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Mind Matters | Postpartum issues

Mind Matters | Postpartum issues


I am a 35-year-old working woman who just had a kid. I left my job because I wanted to give all my attention to my child. Being a stay-at-home mom is a sudden change for me.  I feel guilty for wanting my old life as a professional. I can’t help but think that I am a bad mother. My husband is always working and it is solely on me to look after the baby. I am afraid that if I share my feelings with my husband, he might see me as a bad mother. —A worried mother 

Answered by Alisha Humagain, Psychosocial Counselor at Happy Minds 


The transition from working life to parenthood is a significant change. Hormonal changes in women after childbirth are believed to be the reason for mood swings. The hormones, estrogen and progesterone required during pregnancy decline quickly after birth, creating mood swings.

As for changes that you were anticipating after becoming a mother, the transition to a new identity as a parent can be surprising. This does not imply that you don’t care about your child, or that you aren’t a good mother. Simply put, you may require some time to rediscover yourself.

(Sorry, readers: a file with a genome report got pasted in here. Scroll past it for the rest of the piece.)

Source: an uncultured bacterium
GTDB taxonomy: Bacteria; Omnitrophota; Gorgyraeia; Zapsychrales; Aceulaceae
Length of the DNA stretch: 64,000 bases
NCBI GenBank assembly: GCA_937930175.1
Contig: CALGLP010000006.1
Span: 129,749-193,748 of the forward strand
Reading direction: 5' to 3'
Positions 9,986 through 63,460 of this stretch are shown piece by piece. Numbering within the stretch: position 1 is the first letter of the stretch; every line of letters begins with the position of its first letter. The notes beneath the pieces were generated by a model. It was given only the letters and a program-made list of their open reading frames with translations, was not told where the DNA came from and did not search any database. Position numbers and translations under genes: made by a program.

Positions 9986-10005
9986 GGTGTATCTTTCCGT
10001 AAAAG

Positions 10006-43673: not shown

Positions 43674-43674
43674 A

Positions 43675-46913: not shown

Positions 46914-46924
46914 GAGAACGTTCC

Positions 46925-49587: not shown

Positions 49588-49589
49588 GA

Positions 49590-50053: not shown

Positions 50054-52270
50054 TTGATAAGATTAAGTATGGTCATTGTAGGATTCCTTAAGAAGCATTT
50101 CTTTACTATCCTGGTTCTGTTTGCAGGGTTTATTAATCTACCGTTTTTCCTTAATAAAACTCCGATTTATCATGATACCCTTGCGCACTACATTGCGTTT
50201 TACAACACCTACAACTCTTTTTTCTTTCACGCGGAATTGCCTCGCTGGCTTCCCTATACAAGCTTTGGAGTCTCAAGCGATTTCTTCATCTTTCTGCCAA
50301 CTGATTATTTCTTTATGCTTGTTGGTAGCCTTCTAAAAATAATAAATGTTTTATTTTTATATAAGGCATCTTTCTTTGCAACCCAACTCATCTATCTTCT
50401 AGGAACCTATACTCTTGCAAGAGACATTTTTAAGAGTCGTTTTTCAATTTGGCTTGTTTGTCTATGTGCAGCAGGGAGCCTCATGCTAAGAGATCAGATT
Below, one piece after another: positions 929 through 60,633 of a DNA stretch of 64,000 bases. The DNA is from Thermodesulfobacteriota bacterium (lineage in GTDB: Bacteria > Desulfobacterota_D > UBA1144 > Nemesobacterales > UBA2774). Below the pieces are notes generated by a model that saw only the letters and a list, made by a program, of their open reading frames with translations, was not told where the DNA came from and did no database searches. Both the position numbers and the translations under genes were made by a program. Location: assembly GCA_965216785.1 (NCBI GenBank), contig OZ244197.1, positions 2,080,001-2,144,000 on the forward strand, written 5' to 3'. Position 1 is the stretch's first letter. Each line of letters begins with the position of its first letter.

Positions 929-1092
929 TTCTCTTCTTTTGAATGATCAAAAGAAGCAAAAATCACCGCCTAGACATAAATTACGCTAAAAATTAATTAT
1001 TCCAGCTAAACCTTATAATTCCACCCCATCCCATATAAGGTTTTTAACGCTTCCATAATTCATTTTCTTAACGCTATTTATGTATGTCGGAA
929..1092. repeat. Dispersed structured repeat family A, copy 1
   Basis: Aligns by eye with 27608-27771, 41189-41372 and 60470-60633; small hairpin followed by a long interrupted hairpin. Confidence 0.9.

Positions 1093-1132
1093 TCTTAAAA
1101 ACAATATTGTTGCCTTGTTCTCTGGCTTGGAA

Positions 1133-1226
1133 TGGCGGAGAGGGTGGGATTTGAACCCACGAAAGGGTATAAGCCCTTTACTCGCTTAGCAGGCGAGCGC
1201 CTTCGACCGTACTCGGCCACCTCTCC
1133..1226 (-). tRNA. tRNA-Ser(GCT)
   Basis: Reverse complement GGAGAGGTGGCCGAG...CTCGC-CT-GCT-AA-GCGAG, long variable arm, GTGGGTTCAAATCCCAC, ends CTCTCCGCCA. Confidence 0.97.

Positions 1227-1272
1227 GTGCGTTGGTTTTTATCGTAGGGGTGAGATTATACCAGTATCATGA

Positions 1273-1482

There are many positive things you can do to help you remember who you are and embrace the changes in your life. Having a child impacts your life, but try not to consider this as a bad thing. You may not be as spontaneous, social, or carefree as you used to be, but you’re likely to become more patient and selfless. You might even find an inner strength and confidence you didn't know you had. Instead of worrying about how things will be different now that you're a parent, try to concentrate on spending time and bonding with your child.

It’s best not to assume that your husband will judge you. Communicating with each other can be really beneficial in terms of gaining insight and finding answers to your problems. You may both feel as if your duty as parents has robbed you of your identity. In addition to spending time with your child, try to be with your partner as well. It may be as easy as watching a movie or eating dinner together on a Saturday night. It's also a good idea to seek moral support from your family and friends.

It is quite normal to need a break. Though it may seem obvious, taking a break can indeed be difficult for some new parents, especially if you don't have a support network. It doesn't always have to be about doing something other than caring for your baby. It's wonderful to just sit and do nothing every now and then.

After having a baby, many people battle with their emotions for a while. These should pass, but if your sentiments do not improve or you are unable to manage, it may be an indication that you require additional assistance. It is best to get professional advice, even if you are unable to attend physical sessions and must instead rely on virtual ones.


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